Sliding clocks around the screen a la Path

Nov 30, 2011 16:57 · 832 words · 4 minute read

The new Path app has hit the App Store, and the updated UI is GORGEOUS.   I was quite intrigued by the little touches, particularly the little clock icon that slides up and down the right-hand side of the screen as you scroll down the timeline. It looks really neat, and it got me wondering how it was done.

Turns out, it’s actually not that difficult (although it’s still a lovely UI touch even so).

The main view in Path is a heavily-customised UITableView sat inside a UINavigationController (although the UINavigationController bit is irrelevant at the moment). UITableViews are themselves heavily-customised subclasses of UIScrollView, which means that all the goodies that a UIScrollView provides are available to instances of UITableView.

There’s one particular goodie that’s relevant here. This is UIScrollView's contentOffset property, which shows how far from the origin the scrollView - or in this case, our tableView - has been scrolled. When the table’s at the top, the contentOffset's y value will be zero - but if you had a table that was (say) 1000 pixels high, that contentOffset would gradually increase until at the very bottom of the table it had a y value of 1000 pixels.

Another property that’s relevant here is the tableView’s contentSize property. If you access that after the table has finished loading - ie in the viewDidAppear method - then this will return the total height of the table with all rows fully-populated.

- (void)viewDidAppear:(BOOL)animated
{
[super viewDidAppear:animated];

maxTableHeight = self.tableView.contentSize.height;
frameTableHeight = self.tableView.frame.size.height;
workingTableHeight = maxTableHeight - frameTableHeight - 64;

NSLog(@"TableView maxTableHeight = %f", maxTableHeight);
NSLog(@"TableView frameTableHeight = %f", frameTableHeight);
NSLog(@"TableView workingTableHeight = %f", workingTableHeight);

}

Dividing the contentOffset.y value by the contentSize.height will give you how far down the tableView things have scrolled as a percentage value. When the table first loads, the contentOffset.y value will be zero, therefore we’d be 0% down the table. At the bottom, we’d be 100% of the way - and obviously varying percentages along the way.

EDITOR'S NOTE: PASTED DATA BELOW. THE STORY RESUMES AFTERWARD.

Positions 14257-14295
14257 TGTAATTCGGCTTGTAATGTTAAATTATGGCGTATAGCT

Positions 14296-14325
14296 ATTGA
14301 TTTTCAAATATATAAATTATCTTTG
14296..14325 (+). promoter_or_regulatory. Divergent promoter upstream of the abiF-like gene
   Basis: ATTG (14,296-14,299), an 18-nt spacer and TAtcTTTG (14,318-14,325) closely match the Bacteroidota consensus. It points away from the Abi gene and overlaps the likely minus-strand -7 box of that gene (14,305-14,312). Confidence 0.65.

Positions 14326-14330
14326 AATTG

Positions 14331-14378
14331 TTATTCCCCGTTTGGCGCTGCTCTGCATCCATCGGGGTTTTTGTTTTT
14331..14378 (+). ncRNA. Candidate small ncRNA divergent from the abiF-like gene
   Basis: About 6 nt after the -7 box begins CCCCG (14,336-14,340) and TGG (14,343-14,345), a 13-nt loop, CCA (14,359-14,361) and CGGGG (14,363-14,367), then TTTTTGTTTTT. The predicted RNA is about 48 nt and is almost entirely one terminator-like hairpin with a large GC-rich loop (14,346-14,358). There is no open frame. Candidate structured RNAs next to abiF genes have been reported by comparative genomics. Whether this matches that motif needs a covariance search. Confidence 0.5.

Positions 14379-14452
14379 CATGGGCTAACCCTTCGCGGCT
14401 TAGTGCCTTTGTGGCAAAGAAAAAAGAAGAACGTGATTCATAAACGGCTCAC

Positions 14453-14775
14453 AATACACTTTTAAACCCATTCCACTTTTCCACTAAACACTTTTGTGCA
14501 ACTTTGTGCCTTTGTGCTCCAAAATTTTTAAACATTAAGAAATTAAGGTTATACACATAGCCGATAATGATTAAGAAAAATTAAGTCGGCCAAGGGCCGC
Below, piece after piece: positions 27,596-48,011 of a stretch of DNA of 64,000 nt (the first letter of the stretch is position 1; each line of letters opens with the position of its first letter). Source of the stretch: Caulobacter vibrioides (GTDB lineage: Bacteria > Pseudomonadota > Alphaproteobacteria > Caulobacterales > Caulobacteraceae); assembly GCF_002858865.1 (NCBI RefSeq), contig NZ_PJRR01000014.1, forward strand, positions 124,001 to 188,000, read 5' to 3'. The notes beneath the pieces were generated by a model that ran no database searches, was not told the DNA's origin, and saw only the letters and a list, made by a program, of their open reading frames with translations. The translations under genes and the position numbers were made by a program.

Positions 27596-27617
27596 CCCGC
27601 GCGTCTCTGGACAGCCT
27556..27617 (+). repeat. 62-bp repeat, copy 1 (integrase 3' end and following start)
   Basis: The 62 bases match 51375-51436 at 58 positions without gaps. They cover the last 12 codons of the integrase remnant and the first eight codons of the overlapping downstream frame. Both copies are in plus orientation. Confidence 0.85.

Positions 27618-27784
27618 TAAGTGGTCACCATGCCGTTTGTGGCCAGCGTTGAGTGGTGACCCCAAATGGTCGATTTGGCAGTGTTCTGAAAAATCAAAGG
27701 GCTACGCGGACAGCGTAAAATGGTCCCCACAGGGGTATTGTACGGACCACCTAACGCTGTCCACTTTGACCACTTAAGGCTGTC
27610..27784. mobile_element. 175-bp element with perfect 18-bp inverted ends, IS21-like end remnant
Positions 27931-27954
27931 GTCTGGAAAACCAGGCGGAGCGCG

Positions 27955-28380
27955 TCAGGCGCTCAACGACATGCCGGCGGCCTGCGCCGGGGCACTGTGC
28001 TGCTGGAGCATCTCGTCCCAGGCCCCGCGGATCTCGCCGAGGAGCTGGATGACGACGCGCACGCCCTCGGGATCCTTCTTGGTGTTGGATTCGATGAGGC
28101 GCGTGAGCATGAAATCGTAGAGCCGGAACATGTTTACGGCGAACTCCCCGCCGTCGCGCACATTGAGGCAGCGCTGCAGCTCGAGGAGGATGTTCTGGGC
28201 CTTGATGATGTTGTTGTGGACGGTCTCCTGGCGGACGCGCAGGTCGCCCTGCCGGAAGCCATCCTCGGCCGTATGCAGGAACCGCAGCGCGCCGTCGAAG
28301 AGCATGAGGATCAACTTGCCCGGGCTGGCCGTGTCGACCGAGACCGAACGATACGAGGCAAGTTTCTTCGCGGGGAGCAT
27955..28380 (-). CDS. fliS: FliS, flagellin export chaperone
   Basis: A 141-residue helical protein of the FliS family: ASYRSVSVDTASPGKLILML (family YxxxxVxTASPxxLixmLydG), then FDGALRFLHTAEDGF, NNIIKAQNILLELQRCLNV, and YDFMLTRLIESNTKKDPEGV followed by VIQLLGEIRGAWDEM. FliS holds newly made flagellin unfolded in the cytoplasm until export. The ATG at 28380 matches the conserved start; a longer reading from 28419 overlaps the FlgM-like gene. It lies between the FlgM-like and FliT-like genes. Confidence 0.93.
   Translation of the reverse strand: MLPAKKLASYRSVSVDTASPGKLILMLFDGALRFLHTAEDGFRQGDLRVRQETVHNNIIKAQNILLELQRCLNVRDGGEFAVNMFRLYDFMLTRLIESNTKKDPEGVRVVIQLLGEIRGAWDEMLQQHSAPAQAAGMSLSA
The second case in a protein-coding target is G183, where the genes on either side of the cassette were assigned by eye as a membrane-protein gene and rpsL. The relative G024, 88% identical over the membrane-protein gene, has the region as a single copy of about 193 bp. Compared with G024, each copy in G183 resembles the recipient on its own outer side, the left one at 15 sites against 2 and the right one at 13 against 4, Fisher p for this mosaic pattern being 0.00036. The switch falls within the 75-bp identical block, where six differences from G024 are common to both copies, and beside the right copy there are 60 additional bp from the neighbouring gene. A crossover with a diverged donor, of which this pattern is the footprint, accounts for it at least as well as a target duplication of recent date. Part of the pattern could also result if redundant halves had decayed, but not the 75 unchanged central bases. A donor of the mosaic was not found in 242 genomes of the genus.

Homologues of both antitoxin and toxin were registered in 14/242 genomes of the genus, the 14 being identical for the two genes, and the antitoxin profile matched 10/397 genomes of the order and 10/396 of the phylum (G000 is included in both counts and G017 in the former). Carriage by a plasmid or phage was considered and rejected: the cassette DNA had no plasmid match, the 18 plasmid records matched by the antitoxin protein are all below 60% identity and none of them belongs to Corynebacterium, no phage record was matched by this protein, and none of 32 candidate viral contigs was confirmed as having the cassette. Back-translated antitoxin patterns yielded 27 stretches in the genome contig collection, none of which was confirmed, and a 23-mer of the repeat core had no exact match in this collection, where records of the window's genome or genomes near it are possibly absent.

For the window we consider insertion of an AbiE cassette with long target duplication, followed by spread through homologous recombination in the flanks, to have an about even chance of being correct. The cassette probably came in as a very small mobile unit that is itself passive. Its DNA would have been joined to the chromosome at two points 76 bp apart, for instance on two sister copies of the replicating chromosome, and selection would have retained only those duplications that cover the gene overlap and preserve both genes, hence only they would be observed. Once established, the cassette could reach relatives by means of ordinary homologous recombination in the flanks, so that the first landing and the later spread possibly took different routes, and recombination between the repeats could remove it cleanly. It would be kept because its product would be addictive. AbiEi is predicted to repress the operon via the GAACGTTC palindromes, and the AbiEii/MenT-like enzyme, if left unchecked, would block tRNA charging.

The third value that will help out here is the height of the table’s frame - in other words, how much of the overall screen the tableView occupies. If you’ve got a status bar and a navigation bar, that’s the full height of an iPhone screen - 480 pixels - less 20 pixels for the status bar and 44 pixels for the navigation bar - a total frame height of 416 pixels.

Now imagine that you created a UIView of some description, and “floated” it as the front-most view so that it appeared on the right-hand edge of the screen. (If it’s a subView of the main window, then the origin remains constant and doesn’t move with the table itself.) It’ll have an origin with an Y position and a Y position - x will be somewhere between 0 and 320, depending on how far right it needs to be placed. And the Y position will control how far up or down the screen it appears.

If we calculate the Y position by taking the height of the tableView's frame and multiplying it by the percentage that the table has been scrolled, the UIView will appear to move up and down the screen in proportion to how fat the tableView has scrolled. It’ll start at the top of the screen when the tableView is at the top, and slide down towards the bottom as the tableView is scrolled. It won’t leave the visible screen regardless of how long the tableView actually is, because we’re calculating the percentage of the tableView's frame rather than its content size.

Because UITableView inherits from UIScrollView, it means we can use the scrollViewDidScroll: method of UIScrollViewDelegate as the “trigger” for calculating how far things have scrolled, and adjusting the position of the UIView with the little clock icon.

-(void)scrollViewDidScroll:(UIScrollView *)scrollView {

// Work out positions
currentTablePosition = scrollView.contentOffset.y;
currentTablePositionPercentage = (currentTablePosition / workingTableHeight);

// Work out position of "block"
float blockOffset = (frameTableHeight * currentTablePositionPercentage);

float newYpos = 64 + blockOffset;

NSLog(@"tableView's scroll position = %f", currentTablePosition);
NSLog(@"blockOffset position = %f", blockOffset);
NSLog(@"current table position %%age = %f", currentTablePositionPercentage);

NSLog(@"New xpos = %f", newYpos);

theBlockView = theAppDelegate.theBlockView;
theBlockView.frame = CGRectMake(theBlockView.frame.origin.x, newYpos, theBlockView.frame.size.width, theBlockView.frame.size.height);

}

This is all very crude, not least because the calculations don’t take into account the size of the UIView that you’re moving around. Nor do they account for the fact that you can scroll a tableView or scrollView beyond 0% and 100% as it bounces at the top and bottom extents.

Path also takes things one stage further by figuring out which row the little icon thing is hovering over, and changing the value of the clock to reflect when the contents of that row were updated. There’s also some very neat animation as the clock times change by spinning the hands. But the basic principles of figuring out where the icon slider should be still hold.

Update - Florian Mielke has produced a much better explanation (and a library on Github) here